Friday, October 3, 2008

They Work Hard For The Money

I'd like to start this post at Zapp Hall with just a little background info. Normally, Cat Daddy & I do this show, but we were not able to this year, bummer. Zapp is located in downtown Warrenton along with many other shows. We're partial to this one because of our friends and extended family there. It's where we like to hang. There is always a party to be found at Zapp.Bill, Patsy, and Richard have a tent at Zapp. We're lucky to have them as friends. Isn't she just the tiniest of things? (And Bill, you're a cutie patootie, too.)
Again, unless you do the outdoor shows, you can't truly understand how much work goes into getting an end result like this. There is also a great deal of risk involved from weather damage. The wind alone can wreak havoc.
There are tons of boxes to unpack and a lot of layering. The guys and Patsy have it down to an art.
I am crazy about anything with little drawers in it. Look at all these wonderful pieces.
Baby Sister was checking everything out. To find this quality of furniture requires a great deal of time and energy.
This is Richard and Patsy vogueing for the camera. Say goodbye, y'all. Come back and see us, you hear? I am going to get on my soap box again right now. We're going to walk over to another field and I think I feel a lecture coming on. For those of you already in this business, you may be excused for a potty break. The porta-potties are on your right. For those of you who aren't or are thinking about getting into this as a profitable business, I'm going to share some of my wisdom.(But, only a little-I don't have a lot to spare) This is fun to do but it is hard, back breaking work as well, if done right. You have to scour the country side looking for unique, one of a kind items, sometimes coming home empty. A lot of folks think the main place to shop is garage sales, but those days are long gone. Oh, you may find a great treasure once in a while, but its mainly baby clothes and exercise equipment. For my time and gas, a garage sale just ain't worth it. You've got to be willing to pay for really good stuff and hope your instincts are right about what you can sell it for. Presentation is everything. You've got to be willing to build a store in the middle of nothing from the dirt up, knowing it's going to sell and then build it again, only different. You've got to smile sweetly when someone asks why it's so high in price when they think you dug it out of the trash. You've got to be able to cope with wind, rain, heat, cold and rude shoppers and never lose your cool. For an example, take a look at the next set-up. This is Gloria, The Sweet Pea Collection, who I've done a previous post on. Look at the merchandising, details, and dedication that went into creating this look.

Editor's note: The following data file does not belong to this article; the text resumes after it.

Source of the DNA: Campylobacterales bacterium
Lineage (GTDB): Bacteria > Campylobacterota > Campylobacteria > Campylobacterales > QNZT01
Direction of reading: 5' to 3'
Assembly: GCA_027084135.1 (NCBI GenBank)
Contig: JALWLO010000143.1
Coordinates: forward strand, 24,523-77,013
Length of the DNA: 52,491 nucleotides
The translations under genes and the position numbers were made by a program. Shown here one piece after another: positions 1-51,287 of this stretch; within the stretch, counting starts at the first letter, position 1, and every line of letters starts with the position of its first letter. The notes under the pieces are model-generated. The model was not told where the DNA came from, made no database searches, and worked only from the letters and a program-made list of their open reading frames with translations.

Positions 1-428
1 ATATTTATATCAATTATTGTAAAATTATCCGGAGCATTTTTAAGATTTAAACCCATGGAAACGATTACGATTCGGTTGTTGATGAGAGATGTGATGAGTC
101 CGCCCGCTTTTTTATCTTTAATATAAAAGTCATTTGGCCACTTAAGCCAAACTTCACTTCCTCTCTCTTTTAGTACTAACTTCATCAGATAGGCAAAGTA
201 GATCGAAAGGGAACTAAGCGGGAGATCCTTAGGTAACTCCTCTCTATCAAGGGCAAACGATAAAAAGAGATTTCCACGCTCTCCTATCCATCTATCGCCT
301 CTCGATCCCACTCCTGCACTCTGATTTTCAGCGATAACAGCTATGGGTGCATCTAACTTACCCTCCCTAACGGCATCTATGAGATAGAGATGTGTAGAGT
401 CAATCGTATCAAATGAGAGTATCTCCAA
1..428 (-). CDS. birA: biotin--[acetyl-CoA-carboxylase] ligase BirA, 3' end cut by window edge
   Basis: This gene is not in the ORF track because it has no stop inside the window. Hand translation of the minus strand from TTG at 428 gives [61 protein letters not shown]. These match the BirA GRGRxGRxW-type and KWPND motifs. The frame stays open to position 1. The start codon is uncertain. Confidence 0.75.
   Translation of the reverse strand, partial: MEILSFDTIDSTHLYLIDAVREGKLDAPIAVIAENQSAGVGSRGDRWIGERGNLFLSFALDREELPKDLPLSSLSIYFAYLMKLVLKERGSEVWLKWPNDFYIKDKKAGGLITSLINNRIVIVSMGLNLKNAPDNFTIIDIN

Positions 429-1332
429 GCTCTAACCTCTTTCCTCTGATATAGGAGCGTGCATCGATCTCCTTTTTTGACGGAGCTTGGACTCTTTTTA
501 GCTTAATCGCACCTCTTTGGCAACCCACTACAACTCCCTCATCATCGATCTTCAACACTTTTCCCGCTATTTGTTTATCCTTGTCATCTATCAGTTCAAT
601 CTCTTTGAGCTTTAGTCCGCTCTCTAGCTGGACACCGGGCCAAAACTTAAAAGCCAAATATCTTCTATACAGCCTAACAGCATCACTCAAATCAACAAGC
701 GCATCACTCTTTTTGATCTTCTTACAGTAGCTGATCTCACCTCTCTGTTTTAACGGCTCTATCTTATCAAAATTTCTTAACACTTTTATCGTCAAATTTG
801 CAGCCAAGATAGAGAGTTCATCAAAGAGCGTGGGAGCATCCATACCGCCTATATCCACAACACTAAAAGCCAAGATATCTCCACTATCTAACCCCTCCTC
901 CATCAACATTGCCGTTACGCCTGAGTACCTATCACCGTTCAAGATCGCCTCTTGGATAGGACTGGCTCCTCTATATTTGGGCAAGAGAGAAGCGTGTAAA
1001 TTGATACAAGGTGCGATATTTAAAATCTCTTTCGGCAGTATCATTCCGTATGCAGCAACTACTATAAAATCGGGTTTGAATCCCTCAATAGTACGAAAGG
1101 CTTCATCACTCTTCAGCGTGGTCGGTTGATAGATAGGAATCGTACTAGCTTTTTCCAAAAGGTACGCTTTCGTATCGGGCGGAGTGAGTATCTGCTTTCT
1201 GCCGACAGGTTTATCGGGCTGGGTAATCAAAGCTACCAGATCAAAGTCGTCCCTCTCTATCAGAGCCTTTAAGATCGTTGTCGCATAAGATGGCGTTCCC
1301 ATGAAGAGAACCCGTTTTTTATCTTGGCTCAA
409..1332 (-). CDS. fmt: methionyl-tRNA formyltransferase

She, like most of the dealers who set during Antique Week, spends six months getting prepared for this show. This she does in addition to running a shop. A plan is laid out and things are purchased to make this plan happen. You really don't think this comes from a garage sale or a dumpster, do you? Everyone I know works this hard to make their spots beautiful and inviting.
This was my favorite of all her bedding. The embellishments are to die for. She hand selects all her chairs and sofas for custom upholstery work, then coordinates the fabric choices. It's like art.
Gloria has the most gorgeous florals, botanicals, and arrangements.
Lush, lush, sweet Charlotte! Even though it doesn't look like it, this is in a field. This is what I mean about building a store. I hope I didn't upset or offend anyone with my ravings, it's just I think the vendors of all these shows who work this hard and put so much effort in their presentations, deserve a standing ovation for their efforts. I'll end this post by saying in spite of the work, it is worth it because for every one grouch you'll encounter, you'll meet ten sweeties. You are going to make some wonderful new friends and you'll never look back with regrets.(except maybe that one steal you let get away!)

5 comments:

ALVN of WhisperWood Cottage said...

I like items with drawers, too! I also see that you like old musicals! I absolutely love them! If I'm having a down, sick, or rainy day, there is nothing like an old musical to pick me up!

Joanna {sweet finds} said...

Wow! I am definitely heading to Warrenton the next go around. At least just to look around & get some photos. :) I totally understand what you mean about the hard work... my booth is on a much, much smaller scale. But it is so upsetting when I come in to check on things & find my merchandise moved around or on the floor for what seems no reason at all. thanks for sharing the pics. xoxo, Joanna

LuluRedstar/Lauri Evans said...

oh AMEN, Queen Trash. I wish there was a way to create an internship for the avid/rabid shopper (code for free labor) to help set up/take down. I think they'd never balk at a price EVER.
Can't wait to hang at Zapp in 6.
oxoxox lulu

Cher said...

Great idea about putting 'Que Pasa' in my kitchen cantina. My mind hadn't leaped there yet so I'm glad yours did. Thank you.

I love the booths at Warrenton too. I just wish they'd put them all on trailers and drive my me as I point and purchase certain wares.

The Texas Woman

Sweet Repose said...

Right on Sista!!! Soooooo much work...as I watched Craig and Theresa meticulously load each piece into the truck, sometimes having to shift the whole load...knowing what you can buy to fit the price point of an area. Remembering everything that is in the truck so you can put it it the deep freeze memory banks, as you plot how the booth will be configured. Then truck it all back to Kentucky from Iowa or Texas or wherever.. Same with a store, you plot while you shop.

But it's all worth it in the end, cause we do love what we do....right...oh my achin' back!!!

sharon